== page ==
A Shock in Pink

Zandra Rhodes wearing "Renaissance Gold" collection, photographed by Robyn Beeche, 1986

Britain’s pioneer of print, Zandra Rhodes is determined to keep the spirit of handcraft alive through her nostalgic designs in the midst of a digital age.

The sharp, shocking pink bob is perhaps the first association one would make on hearing the mention of Dame Zandra Rhodes, the fashion figure who has been ceaselessly producing textile designs, era-defining clothing and interiors now for over fifty years. Her garments, which she aptly refers to as “butterflies” due to the weightless patterned chiffon of which the majority are constructed, have adorned the likes of Princess Diana, Jackie Onassis and Queen’s Freddie Mercury to name a few.


In the ‘60s, when Rhodes first ventured into the world of fashion, art was everywhere. It had shifted out from under the confines of the high-culture sphere, formerly reserved for the social elite, and into the commercial landscape that catered to the masses. The everyday became a catalyst for the creatives, Rhodes included - more than that, the ordinary became art in its own right.


In Rhodes’ Bermondsey studio the spirit of Pop Art is very much alive and kicking. It houses one of the few active printing tables left in London - from sketches of the mundane-cum-outlandish textile designs in a clashing array of hues, which are then transformed into the 'wearable art' that put Rhodes’ prints on Britain’s fashion map. In 1968 she opened The Fulham Road Clothes Shop with fellow Royal College of Art graduate Sylvia Ayton, who was the first to turn Rhodes’ prints into garments before it dawned that they had "too strong a personality" to fit into someone else’s designs. Ever since, the print has always informed the look and shape of Rhodes’ garments.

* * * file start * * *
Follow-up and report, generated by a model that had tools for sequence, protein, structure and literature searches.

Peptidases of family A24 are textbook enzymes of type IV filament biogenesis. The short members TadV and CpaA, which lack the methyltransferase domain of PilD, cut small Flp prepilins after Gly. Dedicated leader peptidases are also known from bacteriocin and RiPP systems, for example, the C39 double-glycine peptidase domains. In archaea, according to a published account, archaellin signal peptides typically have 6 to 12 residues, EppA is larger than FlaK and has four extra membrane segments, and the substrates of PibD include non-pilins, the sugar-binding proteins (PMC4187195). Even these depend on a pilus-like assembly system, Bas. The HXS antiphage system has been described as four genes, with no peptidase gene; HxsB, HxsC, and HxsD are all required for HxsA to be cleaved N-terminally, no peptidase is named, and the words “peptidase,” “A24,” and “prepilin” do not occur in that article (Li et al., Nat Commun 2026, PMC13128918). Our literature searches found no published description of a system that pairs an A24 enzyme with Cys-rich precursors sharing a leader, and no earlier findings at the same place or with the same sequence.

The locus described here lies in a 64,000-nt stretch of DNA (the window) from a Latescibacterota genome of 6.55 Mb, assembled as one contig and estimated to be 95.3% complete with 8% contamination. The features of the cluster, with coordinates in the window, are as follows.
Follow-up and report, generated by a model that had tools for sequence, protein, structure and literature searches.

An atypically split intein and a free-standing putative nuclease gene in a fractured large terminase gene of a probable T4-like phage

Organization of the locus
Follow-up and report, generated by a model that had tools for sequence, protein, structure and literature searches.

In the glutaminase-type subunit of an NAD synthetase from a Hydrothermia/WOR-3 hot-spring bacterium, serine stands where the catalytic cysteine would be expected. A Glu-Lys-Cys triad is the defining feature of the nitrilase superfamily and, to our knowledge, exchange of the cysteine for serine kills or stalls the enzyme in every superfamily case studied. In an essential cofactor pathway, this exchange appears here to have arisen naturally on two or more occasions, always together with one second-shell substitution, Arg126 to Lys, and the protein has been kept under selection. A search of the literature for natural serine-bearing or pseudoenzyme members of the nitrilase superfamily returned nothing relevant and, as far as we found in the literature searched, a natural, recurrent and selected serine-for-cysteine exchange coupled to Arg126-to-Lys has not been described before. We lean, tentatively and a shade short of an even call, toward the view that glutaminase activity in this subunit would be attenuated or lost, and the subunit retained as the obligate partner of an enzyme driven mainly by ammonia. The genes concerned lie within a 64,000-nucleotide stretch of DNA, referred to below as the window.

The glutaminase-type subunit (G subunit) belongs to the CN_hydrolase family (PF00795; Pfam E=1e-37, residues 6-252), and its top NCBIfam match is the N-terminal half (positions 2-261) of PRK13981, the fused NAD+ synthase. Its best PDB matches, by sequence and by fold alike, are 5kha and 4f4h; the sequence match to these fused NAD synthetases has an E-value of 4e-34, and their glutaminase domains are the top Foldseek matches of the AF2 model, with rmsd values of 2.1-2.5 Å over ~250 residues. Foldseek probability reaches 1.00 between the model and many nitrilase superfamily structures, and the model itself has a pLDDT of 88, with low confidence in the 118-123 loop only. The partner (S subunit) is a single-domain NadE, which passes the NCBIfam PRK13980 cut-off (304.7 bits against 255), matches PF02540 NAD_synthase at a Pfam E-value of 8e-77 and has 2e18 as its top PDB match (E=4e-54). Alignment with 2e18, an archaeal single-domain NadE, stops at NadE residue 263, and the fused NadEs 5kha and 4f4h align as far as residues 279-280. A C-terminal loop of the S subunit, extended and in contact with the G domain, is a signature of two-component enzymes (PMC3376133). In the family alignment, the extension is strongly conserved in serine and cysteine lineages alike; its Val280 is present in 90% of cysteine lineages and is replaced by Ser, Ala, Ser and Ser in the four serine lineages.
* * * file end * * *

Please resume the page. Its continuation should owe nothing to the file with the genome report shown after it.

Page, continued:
It's rare to find a designer who has stayed true to the ethos of quality over quantity

Five decades later, screen printing has lost the reputation it had when Andy Warhol, the darling of Pop Art, used the technique to produce his iconic prints. It is becoming what Rhodes refers to as a “dying trade”, since the takeover of digital printing, which took off in the mid ‘90s.


Despite experiencing setbacks, including having to close her London shop in Bond Street and factory in Olympia, Rhodes has persevered with absolute gusto. “I have never compromised my design quality, and I think staying true to this and waving the flag for a British product is very important” she tells me. It is rare to find a designer who has stayed true to the ethos of quality over quantity, especially considering today’s fast paced fashion industry. With garment production slowing, it is the prints that continue to endure. They have most recently been snapped up by the likes of Valentino for SS17, Three Graces in 2019 and IKEA, the Swedish furniture conglomerate that has a habit of making customers leave with everything but what they came for.


Now, it’s more important than ever for us to turn our attention to the people who create with their hands, who find inspiration in the streets and not the screen, who go with their guts instead of walking to the beat of the masses. As Rhodes told the podcast series, The Last Bohemians, “If you’ve got something to contribute... keep doing it, because it gives your days a sort of wonderfulness”.

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